The second strand is less about formal training and more about curating existing good practice case studies and examples, and creating ones that don’t exist but really should. Part of the problem of a fragmented sector of over 300 organisations is that it is really hard for anyone to know what is going on everywhere else.

The standard of documenting the good stuff is really poor. Case studies are dominated by vendors, announcing deals and anticipated outcomes, but with no follow up. We have councils going through the process of turning into unitaries, for example, but no documented playbook on how to successfully aggregate the IT in these situations. Why the hell not!? A local government dedicate centre could have a team of researchers and content designers producing useful, findable, actionable content that would help spread the word on how to get things done.


4) Data and standards

Everyone knows about the untapped potential of data within local government, but nobody so far has had the right mix of time, money, and intestinal fortitude to get it done properly.

It means taking on the line of business system providers to open up access to the data; to help navigate the arcane table structures of these creaking software behemoths; to have in place the data platforms to aggregate, transform, and usefully visualise data; to have data engineers and scientists able to formulate the right questions and figure out how to get the answers; and to have service managers who are open and willing to become data informed, and to change a lifetime’s habit of going by hunches and guesswork.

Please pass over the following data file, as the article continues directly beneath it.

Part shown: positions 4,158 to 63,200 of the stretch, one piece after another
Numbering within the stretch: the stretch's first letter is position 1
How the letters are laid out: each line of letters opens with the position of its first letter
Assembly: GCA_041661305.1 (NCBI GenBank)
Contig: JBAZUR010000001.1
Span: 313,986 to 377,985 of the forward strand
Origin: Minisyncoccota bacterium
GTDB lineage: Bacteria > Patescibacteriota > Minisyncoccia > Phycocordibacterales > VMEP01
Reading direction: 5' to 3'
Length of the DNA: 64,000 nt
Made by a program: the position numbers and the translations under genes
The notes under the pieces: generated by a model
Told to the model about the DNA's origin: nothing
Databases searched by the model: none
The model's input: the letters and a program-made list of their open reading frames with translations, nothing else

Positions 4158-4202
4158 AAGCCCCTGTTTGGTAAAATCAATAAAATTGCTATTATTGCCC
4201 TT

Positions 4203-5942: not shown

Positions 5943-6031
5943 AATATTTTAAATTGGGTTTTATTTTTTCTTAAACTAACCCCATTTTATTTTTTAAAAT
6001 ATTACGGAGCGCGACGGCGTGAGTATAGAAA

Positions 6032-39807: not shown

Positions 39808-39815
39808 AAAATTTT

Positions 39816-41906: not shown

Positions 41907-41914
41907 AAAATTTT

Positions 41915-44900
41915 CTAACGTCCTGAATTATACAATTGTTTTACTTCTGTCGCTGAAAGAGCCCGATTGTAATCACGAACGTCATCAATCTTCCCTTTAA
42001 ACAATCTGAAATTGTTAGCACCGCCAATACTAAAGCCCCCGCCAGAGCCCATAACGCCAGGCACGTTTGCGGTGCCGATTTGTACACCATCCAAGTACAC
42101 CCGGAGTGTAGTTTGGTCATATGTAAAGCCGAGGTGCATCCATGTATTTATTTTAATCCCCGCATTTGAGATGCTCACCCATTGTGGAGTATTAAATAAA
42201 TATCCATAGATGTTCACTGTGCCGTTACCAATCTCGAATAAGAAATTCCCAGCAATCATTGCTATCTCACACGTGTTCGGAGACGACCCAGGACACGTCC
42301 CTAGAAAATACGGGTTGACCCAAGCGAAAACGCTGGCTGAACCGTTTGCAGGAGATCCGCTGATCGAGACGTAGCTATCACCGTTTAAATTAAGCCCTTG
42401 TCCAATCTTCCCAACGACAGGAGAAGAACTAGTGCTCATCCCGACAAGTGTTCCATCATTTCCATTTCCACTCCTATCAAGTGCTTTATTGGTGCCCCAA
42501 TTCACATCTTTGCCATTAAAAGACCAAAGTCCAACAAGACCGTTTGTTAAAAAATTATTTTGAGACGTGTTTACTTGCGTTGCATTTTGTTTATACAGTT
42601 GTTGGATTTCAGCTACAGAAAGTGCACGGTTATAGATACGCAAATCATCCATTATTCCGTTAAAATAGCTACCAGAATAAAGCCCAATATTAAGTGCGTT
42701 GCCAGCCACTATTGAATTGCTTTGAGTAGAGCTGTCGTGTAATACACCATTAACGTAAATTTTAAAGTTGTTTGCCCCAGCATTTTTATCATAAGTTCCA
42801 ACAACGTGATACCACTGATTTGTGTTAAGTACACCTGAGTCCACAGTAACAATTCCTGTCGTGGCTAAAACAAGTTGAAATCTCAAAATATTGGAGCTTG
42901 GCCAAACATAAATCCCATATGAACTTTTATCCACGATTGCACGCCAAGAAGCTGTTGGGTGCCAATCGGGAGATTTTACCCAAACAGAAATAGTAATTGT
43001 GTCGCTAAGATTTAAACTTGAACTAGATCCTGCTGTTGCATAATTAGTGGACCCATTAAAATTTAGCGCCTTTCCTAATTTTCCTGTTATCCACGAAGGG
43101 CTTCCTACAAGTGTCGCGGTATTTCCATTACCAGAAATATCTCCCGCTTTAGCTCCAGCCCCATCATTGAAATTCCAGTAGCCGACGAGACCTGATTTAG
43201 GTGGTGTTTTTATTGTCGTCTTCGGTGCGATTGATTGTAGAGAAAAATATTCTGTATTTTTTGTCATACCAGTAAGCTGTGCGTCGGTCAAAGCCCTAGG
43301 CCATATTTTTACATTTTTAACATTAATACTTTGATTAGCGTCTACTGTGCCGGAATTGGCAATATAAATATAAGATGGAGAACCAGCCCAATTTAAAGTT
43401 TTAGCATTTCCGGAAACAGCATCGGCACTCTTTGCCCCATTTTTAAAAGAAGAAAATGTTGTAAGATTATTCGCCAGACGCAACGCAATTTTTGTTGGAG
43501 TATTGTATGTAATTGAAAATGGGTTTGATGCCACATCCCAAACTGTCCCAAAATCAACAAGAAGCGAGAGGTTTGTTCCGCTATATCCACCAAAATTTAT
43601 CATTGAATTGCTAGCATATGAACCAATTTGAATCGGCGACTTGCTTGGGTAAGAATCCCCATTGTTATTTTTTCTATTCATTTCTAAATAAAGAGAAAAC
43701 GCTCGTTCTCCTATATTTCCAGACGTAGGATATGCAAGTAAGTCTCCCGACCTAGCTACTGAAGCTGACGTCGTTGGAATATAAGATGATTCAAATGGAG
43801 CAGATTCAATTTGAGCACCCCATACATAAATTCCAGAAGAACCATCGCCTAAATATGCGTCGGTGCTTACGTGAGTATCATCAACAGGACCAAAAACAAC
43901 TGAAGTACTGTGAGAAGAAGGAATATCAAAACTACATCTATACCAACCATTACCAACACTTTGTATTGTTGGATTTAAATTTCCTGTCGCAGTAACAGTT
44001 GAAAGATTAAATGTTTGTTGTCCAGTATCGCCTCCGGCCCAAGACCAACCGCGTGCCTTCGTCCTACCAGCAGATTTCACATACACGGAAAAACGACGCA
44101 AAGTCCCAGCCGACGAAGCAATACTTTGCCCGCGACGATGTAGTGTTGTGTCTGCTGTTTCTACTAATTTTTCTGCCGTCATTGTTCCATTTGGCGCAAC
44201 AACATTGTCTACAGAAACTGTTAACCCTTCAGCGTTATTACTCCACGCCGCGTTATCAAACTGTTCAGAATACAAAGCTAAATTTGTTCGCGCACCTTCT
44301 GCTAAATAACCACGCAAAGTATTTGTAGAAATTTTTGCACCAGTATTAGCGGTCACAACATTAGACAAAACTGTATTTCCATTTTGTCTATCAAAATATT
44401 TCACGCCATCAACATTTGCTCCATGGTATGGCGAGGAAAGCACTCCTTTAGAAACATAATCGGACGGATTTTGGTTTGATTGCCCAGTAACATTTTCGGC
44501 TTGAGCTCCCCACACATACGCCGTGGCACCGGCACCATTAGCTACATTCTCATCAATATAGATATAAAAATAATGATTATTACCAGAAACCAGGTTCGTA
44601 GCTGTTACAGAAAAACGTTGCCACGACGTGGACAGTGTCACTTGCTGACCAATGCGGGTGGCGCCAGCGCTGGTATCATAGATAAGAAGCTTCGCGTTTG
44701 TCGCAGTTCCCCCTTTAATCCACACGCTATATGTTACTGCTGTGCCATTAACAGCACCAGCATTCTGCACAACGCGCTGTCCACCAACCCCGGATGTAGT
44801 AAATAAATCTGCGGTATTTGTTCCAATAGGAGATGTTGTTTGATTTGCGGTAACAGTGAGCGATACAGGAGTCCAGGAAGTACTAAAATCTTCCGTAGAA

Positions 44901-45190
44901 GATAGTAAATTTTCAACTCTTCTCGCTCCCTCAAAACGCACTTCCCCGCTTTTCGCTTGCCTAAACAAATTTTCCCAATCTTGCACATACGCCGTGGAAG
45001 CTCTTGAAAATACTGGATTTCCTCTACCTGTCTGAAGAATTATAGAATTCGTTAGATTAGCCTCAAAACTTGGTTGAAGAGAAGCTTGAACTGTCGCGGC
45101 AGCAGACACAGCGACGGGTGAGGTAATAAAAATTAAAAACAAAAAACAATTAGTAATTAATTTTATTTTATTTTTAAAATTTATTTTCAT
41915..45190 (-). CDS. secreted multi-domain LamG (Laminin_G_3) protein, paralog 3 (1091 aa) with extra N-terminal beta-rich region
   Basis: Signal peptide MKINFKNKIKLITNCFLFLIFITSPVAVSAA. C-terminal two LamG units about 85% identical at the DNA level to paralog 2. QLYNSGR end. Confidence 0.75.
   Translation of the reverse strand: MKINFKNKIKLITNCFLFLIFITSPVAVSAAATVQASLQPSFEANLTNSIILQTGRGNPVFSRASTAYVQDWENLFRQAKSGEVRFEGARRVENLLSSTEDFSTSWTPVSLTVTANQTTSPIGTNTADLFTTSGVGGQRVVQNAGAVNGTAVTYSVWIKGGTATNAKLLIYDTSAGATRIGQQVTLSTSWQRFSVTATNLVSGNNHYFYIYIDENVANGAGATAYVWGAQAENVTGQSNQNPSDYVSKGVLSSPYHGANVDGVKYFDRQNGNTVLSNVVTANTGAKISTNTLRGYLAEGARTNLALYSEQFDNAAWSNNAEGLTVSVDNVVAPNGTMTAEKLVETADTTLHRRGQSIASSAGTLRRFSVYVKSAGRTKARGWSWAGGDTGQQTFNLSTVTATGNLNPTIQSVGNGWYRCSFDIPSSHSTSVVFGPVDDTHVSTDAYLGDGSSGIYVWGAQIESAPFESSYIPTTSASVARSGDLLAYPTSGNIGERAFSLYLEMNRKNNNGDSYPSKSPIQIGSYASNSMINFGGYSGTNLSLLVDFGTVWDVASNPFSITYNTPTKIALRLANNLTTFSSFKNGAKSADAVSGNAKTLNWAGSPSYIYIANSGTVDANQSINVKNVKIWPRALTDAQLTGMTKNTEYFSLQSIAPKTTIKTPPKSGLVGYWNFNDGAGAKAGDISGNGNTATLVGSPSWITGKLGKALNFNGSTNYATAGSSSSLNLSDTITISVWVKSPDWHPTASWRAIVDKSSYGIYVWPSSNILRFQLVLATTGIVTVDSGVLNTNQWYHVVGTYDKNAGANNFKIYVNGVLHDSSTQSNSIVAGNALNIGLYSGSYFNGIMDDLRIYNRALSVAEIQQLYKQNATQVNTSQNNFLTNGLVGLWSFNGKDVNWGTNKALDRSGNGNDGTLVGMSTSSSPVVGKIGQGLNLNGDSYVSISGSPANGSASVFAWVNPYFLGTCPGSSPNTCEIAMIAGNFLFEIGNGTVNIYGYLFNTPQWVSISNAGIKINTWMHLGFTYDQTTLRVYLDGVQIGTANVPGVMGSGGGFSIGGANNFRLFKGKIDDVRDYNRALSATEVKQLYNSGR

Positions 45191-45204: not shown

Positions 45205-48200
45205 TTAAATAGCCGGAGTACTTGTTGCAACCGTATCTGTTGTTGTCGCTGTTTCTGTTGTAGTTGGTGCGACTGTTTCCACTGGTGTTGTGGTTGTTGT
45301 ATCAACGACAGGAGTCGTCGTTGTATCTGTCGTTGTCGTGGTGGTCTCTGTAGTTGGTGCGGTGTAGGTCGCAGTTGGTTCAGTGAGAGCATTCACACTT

It’s a big ask, and it’s no wonder that progress has been slow. But so many of these problems are shared by every single council in the country. A centre such as the one being propose could come up with a whole host of replicable and scalable answers to these problems.

Alongside this kind of support, there’s also a need for standards around data and a centre could help coordinate and manage standards where they exist, and support the development of them where they are needed. Just as importantly, though, the centre could provide some teeth, ensuring that councils and their suppliers are meeting these standards to enable the safe use of data to improve outcomes for local areas. The use of coordinated, collective buying power would definitely help with this!

Another area of standards where a centre could help would be to produce re-usable data sharing agreements and policy documents, to help councils collaborate with other parts of the local public service system, without the need to reinvent the wheel at significant cost, over and over again.


5) Innovate at scale

Finally, I’d want to see some collective effort at innovating in a coordinated, replicable and scalable way. Pooled resources that can reduce the risk exposure for individual councils, bringing together the best brains and ideas with the people best at delivering results, to experiment, test, iterate and improve on radical ideas for local public services.

It’s far too big a risk for individual councils to take on, and no surprise that transformational change in local government is often so incremental. The exploration of new operating models in the internet era – companies like Uber, AirBnB, Netflix and so on – have been funded by billions in venture capital. But somehow we expect councils do be able to do it, alongside running the existing services, on a shoestring?

Imagine a centre, with enough resources to be able to pull together the best service design folk, the best data people, the best technologists, the subject matter experts for specific services, all able to identify the biggest challenges facing the sector and to innovate their way through to workable solutions that can be adopted across the sector. With this kind of scale and authority, such a centre could have the clout to agitate for legislative reform where it is needed, to call for the establishment of new institutions to deliver specific outcomes, or to work alongside existing council teams to help them adopt the new models.